September 14, 2020
On behalf of the U.S. Conference of Catholic Bishops’ (USCCB) Committee on Migration (USCCB/COM), I urge you to cosponsor HR 8046, the Improving Opportunities for New Americans Act, introduced by Representative John Katko (NY) and sponsored by Representative Ben McAdam (UT). This bipartisan measure would direct the U.S. Secretary of Labor, in collaboration with other federal and nongovernmental agencies, to conduct a study of the factors that affect the ability of immigrants and refugees who have professional credentials that were obtained outside the United States to work in those professions while living in the United States.
For Catholics, work is more than a way to make a living; it is a form of continued participation in God’s Creation. “The Lord blesses our work so that we may share its fruits with others” (Deuteronomy 14: 28-29). We are supportive of this bill that would help us to explore how immigrants and refugees in our midst might better use the gifts of their professional expertise, higher education, and skills for themselves, their families, and communities throughout the United States.
HR 8046 would direct the U.S. Department of Labor to review the U.S. employment of applicable immigrants and refugees. It would concentrate on persons who have been lawfully present residents or naturalized U.S. citizens during the last five years. The study would compare the work these professionals performed before they emigrated to the United States with the work that they have performed since migrating to United States. In addition to would identify any professional credentials they possessed before emigrating and assessing barriers that keep them from pursuing comparable professional level employment in the United States. It also would identify current governmental and nongovernmental resources that help these newcomers overcome such barriers. Finally, the study would contain policy recommendations to address such barriers.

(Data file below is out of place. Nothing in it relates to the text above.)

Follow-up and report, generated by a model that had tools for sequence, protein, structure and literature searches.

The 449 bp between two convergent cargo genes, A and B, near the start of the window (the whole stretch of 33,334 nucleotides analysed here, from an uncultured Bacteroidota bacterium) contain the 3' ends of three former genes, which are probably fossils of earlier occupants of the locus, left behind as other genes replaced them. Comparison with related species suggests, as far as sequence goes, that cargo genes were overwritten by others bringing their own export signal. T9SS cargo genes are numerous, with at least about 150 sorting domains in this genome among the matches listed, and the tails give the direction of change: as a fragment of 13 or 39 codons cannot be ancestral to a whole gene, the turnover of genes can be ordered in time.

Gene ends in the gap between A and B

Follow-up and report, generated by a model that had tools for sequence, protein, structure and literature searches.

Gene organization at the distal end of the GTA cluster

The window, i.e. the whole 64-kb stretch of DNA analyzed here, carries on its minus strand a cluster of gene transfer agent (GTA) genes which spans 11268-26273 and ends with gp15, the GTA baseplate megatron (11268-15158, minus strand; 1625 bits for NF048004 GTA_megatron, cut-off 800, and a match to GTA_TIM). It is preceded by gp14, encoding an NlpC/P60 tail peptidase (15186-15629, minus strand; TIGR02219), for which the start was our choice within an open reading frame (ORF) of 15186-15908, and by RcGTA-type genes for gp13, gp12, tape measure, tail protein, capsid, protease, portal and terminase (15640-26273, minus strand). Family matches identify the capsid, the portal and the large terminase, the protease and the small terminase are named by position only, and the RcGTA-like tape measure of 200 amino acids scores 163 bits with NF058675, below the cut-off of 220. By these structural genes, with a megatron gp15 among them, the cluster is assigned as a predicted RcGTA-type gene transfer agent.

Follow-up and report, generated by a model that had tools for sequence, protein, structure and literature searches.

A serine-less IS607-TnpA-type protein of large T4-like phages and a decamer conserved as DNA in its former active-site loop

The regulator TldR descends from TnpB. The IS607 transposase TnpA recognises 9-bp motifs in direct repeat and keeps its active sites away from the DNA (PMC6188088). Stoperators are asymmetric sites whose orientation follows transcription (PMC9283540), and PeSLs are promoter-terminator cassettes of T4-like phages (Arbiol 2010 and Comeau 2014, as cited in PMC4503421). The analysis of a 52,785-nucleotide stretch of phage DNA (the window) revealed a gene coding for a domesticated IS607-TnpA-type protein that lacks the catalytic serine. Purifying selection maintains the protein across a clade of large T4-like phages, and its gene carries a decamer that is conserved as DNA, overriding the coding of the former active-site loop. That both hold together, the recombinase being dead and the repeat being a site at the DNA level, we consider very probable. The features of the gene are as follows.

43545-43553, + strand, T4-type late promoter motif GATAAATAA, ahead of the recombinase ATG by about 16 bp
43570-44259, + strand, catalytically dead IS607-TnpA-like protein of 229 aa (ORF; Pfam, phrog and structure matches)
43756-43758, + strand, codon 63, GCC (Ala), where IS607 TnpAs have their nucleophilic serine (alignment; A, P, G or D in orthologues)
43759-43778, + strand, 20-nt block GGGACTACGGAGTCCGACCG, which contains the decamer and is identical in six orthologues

Nearly 2 million immigrants and refugees with college degrees are reportedly either employed in low-skilled jobs or unemployed. This means that many individuals are not being able to use all their education and God-given abilities. Under-employment of this kind leads to $10 billion in lost taxes at the federal, state, and local levels and over $39 billion in lost revenue for immigrant and refugee communities. Also of great concern, particularly during the COVID- 19 pandemic, is that over 263,000 immigrants and refugees with undergraduate degrees in healthcare, over half of which are in nursing, have been either under-utilized or unemployed. A recent study found that there is a severe shortfall in 15 health care occupations in the United States, including 14 frontline health care professions. We need to utilize all available essential workers to help ensure a robust response to COVID-19.
In our work with immigrants and refugees and their families, we note the great economic, cultural, civic, and religious contributions they bring to our communities and our country. As a faith that values the dignity of work and the ability to provide for one’s family, we welcome efforts that help further that endeavor. We respectfully urge you to join us in supporting this bill.
Most Rev. Mario E. Dorsonville, Auxiliary Bishop of Washington, Chairman, USCCB Committee on Migration